Edward B. Garon, MD, MS, discusses the mechanism of action of canakinumab.
Edward B. Garon, MD, MS, professor of medicine, Geffen School of Medicine, Department of Medicine, Division of Hematology/Oncology, University of California, Los Angeles, discusses the mechanism of action of canakinumab (Ilaris).
Canakinumab is an interleukin-1beta inhibitor (IL-1β) being evaluated as a potential treatment option for patients with non–small cell lung cancer (NSCLC).
Within the phase 3 CANOPY-A study (NCT03447769), adjuvant canakinumab is being explored in patients with completely resected NSCLC. However, the agent failed to meet its primary end point of disease-free survival, according to data presented at the 2022 ESMO.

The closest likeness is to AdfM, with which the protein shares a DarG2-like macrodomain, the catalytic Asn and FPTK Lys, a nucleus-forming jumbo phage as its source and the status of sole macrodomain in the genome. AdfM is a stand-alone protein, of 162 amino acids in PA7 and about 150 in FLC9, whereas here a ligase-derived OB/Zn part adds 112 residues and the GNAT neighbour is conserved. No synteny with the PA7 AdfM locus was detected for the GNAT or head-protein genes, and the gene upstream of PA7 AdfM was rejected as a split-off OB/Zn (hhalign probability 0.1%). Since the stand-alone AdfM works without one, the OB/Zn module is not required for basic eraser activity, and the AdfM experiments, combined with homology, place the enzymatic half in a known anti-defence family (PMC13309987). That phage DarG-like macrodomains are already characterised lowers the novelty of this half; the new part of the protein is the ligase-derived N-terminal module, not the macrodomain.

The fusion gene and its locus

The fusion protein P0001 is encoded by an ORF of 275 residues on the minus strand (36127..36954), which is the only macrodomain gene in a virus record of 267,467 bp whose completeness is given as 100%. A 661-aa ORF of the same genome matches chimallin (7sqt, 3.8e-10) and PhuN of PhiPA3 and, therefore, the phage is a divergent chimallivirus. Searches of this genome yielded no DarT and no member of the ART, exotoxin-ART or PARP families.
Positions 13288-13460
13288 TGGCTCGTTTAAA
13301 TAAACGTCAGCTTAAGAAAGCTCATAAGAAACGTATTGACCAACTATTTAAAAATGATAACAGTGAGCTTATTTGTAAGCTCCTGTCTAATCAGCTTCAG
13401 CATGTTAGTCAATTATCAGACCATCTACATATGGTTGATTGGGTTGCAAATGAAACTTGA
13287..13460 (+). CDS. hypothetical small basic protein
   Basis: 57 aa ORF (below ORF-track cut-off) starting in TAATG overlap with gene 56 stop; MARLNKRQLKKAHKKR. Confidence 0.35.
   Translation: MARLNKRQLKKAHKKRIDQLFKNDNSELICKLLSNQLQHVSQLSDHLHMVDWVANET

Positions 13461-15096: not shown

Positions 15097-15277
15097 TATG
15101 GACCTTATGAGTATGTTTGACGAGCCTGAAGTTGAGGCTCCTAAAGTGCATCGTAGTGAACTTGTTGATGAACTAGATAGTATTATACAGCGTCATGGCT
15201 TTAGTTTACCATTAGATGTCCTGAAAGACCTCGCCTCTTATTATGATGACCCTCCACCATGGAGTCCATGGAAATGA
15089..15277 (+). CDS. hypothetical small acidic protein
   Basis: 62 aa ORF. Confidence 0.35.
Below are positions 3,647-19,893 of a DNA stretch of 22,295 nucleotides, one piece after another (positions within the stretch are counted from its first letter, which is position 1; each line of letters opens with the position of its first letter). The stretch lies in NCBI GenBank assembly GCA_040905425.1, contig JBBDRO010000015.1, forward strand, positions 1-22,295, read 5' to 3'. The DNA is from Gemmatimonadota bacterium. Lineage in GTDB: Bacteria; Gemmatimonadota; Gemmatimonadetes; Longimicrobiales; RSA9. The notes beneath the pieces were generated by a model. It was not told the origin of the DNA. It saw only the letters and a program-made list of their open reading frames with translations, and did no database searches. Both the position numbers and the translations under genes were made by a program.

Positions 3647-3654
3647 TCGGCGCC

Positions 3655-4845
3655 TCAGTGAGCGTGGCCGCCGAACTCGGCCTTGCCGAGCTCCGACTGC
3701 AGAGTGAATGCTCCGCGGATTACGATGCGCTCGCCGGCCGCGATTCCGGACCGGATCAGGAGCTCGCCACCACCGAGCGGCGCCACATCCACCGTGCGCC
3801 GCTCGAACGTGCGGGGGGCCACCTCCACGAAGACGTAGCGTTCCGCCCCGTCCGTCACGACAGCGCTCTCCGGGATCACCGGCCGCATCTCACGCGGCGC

0:08 | Canakinumab is a high-affinity monoclonal antibody directed against an interleukin-1beta. IL-1β has been considered a key mediator of inflammation. One of the unique aspects of canakinumab is that it is an approved drug in many countries, including the United States, for a variety of inflammatory disorders.
0:28 | There has been a tremendous amount of preclinical data looking at IL-1β and other mediators of inflammation in lung cancer. Prior to the development of canakinumab, there was much less clinical data available looking at this pathway.